Zings, Odes, & Estrogen.

Sometimes I write. Sometimes I don't.

Don’t let other people tell you that you can’t wear heels around them because it makes them feel short. And don’t let them make you feel any less feminine for being taller than them. You can date whoever you want. And you can wear whatever freaking shoes you want. That’s Tall Girl Code.

Fems or Hypocrites

The thing I hate about guys who claim to be feminists is they don’t really know what that means.

Let me be blunt. I’m not a feminist. I’m a strong, independent woman and I believe everyone should be treated equally, but I’m not a feminist. I just believe in treating people with respect.

While I genuinely believe feminist guys have their hearts in the right place, the truth is, behind the verbal spew of supporting the equal pay act, reproductive rights, and trashing stupid politicians who say stupid things about rape, their actions are speaking so loudly that I just can’t hear a word they’re saying.

Don’t get me wrong, the support for women is cool, in theory, but if guys want to show that they believe in treating women equally, there are things they can do that’s a hell of a lot more effective. Like treating women with respect. And being honest with them, even the truth hurts. Think about it guys: You’d do anything to watch out for your male friends—because that’s what guys do for each other. Why should it be any different because I have a vagina? Little things like that show us that you have the decency to treat us equally, and that you truly do respect women.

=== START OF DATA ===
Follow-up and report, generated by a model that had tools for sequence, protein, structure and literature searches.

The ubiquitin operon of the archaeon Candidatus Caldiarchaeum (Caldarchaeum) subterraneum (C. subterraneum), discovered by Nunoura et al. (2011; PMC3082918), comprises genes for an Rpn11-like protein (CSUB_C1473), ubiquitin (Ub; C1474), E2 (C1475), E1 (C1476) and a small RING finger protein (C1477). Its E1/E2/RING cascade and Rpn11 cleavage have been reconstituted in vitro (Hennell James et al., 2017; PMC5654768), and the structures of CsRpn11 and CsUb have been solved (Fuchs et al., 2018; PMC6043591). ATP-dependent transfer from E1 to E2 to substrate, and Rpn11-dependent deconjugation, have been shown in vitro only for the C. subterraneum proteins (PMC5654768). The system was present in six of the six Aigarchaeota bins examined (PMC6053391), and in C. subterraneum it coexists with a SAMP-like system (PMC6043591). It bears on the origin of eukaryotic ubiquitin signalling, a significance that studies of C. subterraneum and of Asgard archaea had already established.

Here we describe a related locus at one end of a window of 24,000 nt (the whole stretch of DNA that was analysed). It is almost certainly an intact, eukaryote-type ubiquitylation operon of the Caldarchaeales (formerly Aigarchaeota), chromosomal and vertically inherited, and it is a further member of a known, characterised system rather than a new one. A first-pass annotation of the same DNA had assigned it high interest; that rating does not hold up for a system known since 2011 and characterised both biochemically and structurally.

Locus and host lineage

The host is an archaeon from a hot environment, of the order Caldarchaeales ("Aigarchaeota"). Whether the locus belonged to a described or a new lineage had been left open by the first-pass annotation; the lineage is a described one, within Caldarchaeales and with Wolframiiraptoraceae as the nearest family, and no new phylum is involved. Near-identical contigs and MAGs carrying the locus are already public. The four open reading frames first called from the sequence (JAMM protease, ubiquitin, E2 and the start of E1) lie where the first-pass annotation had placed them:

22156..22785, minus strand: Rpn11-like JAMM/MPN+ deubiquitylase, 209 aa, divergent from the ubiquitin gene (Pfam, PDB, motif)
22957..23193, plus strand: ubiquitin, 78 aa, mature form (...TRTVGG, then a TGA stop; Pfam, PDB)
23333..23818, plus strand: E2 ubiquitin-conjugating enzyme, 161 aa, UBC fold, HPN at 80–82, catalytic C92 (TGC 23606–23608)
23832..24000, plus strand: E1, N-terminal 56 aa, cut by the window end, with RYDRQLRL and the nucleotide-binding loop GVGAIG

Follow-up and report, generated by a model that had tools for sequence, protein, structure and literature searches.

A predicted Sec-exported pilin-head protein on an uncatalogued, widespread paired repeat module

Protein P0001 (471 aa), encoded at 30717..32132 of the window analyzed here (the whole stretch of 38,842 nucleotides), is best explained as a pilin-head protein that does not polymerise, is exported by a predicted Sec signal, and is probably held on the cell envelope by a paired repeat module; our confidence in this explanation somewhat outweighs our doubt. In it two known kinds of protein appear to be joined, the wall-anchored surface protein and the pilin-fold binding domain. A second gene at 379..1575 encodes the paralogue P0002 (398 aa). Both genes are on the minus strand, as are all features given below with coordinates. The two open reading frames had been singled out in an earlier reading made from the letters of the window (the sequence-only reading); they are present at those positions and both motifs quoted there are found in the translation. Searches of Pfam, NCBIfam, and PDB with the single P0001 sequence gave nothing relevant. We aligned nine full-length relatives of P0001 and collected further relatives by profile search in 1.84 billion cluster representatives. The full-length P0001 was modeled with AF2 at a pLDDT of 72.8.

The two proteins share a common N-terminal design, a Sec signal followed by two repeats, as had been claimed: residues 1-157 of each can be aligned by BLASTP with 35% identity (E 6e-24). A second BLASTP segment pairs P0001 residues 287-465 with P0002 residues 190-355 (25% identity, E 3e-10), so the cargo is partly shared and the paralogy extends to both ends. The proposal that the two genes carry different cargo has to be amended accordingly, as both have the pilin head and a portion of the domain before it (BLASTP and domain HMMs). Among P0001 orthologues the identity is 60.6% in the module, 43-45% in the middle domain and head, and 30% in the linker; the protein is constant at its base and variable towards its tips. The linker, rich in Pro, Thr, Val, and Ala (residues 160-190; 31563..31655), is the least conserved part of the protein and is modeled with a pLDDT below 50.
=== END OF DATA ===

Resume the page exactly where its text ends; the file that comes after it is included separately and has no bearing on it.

Playing with our feelings, avoiding the truth, and using us for immediate gratification may seem fun in the moment. But if you really want to be consistent with your belief system, you may want to reconsider. Yes, I know, girls can be really huge bitches sometimes, but it’s a two way street. Your stupid actions can hurt us just as much as ours can hurt you.

So instead of chickening out of the truth, embrace it. Communication makes things easier for everyone.

And next time you pick up your torches and pitchforks to go stand with Wendy, remember: that rhetoric may be exhilarating, but you can really make a difference in how women are treated by making sure you treat them how you would want to be treated. With respect. 

"Perfect" is a Stupid Word.

Within the last week, I’ve seen four articles on the front page of Yahoo! Featuring something in the headline about “the perfect guy”.

One article presented a list of things men can do—and how often to do them—for their significant other so they can be “perfect”. Here, I learned that women should be complimented at least 21 times per month. 

Another article featured a survey that determined who women thought the perfect man was. They were all TV Characters. (For anyone interested, the winner was Patrick Dempsey’s character from Grey’s Anatomy.)

I think it’s sad that society, and women in particular, are all obsessed with finding the perfect guy. It’s a waste of time.

He doesn’t exist.